• Presence of natural disturbance

• Long historical continuity (ancient woodland) with high species diversity

• Survival of larger stands of forest without anthropogenic fragmentation and isolation (to support fauna which need large undisturbed forests)

• Absence of non-native species in all layers (flora & fauna)

• No signs of eutrophication or pollution

• No man-induced very high population levels of ungulates

Characteristic species
For full habitat description, please download the habitat factsheet.

Threat status

Synthesis of Red List assessment

The habitat is assessed as Least Concern for EU28 and EU28+. In the EU28 its area has decreased -8% within the last 50 years and the area of the habitat is currently stable. A slight decline of quality has occurred on 32% of the area of this habitat in EU28 in the last 50 years. The habitat quality continues to decrease in some, but is stable in most EU28 countries. Trend data on reduction in quantity and quality were available only for a small number of EU countries, while a large part of the area of this type lies within Iceland and Norway. In Iceland the area is increasing, but the trend in quality (criterion C/D1) for the EU28+ is assessed as Data Deficient.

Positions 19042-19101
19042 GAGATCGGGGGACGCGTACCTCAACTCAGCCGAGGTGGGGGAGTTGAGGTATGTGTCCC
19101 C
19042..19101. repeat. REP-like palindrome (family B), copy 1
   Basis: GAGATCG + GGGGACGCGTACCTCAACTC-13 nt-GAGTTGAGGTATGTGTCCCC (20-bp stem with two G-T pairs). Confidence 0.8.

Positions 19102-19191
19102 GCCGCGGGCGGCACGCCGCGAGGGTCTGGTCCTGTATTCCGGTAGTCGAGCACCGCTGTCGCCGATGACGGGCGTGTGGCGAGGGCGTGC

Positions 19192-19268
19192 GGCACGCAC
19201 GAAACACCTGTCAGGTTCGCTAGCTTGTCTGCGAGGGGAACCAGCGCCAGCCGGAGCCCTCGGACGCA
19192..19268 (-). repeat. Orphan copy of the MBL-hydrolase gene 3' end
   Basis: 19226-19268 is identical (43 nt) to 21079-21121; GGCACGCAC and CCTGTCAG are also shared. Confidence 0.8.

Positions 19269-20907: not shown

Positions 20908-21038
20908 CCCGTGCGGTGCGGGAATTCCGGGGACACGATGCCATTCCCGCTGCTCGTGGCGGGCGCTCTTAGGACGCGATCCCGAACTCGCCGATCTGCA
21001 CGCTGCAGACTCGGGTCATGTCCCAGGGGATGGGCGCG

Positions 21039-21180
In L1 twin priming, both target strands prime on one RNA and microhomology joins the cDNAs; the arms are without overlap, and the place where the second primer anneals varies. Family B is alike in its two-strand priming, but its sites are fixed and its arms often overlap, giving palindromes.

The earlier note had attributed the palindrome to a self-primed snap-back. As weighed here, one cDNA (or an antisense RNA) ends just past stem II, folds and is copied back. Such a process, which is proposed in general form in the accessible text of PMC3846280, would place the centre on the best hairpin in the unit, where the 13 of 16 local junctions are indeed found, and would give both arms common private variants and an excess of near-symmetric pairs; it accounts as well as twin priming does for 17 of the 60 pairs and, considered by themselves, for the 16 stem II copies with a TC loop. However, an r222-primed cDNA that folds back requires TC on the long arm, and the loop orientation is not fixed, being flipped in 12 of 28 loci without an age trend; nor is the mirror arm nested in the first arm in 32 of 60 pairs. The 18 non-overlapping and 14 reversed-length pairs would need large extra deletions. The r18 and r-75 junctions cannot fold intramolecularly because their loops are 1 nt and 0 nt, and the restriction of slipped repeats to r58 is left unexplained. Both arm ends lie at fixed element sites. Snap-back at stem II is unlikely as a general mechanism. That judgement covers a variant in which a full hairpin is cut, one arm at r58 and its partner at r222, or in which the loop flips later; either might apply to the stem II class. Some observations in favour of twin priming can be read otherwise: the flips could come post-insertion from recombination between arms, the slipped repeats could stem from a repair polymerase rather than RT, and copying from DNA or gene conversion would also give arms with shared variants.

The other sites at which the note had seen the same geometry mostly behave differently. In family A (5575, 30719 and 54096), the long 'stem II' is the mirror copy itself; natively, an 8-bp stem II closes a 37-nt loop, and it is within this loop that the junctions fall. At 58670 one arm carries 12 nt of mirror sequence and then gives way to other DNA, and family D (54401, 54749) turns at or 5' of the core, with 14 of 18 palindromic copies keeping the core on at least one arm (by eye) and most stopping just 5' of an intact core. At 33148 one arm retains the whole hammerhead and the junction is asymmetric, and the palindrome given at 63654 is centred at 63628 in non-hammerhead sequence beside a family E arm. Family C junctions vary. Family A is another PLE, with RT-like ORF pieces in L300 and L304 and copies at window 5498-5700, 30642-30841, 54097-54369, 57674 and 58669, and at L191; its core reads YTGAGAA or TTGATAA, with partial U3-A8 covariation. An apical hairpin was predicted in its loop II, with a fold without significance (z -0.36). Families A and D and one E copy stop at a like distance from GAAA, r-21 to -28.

EU
Red List Category Red List Criteria
Least Concern -
Europe
Red List Category Red List Criteria
Least Concern -

Confidence in the assessment

medium
Red List of habitat categories and criteria descriptions

Pressures and threats

  • Agriculture
    • Intensive grazing
  • Sylviculture, forestry
    • Forestry activities not referred to above
  • Urbanisation, residential and commercial development
    • Other patterns of habitation
  • Natural biotic and abiotic processes (without catastrophes)
    • Damage by herbivores (including game species)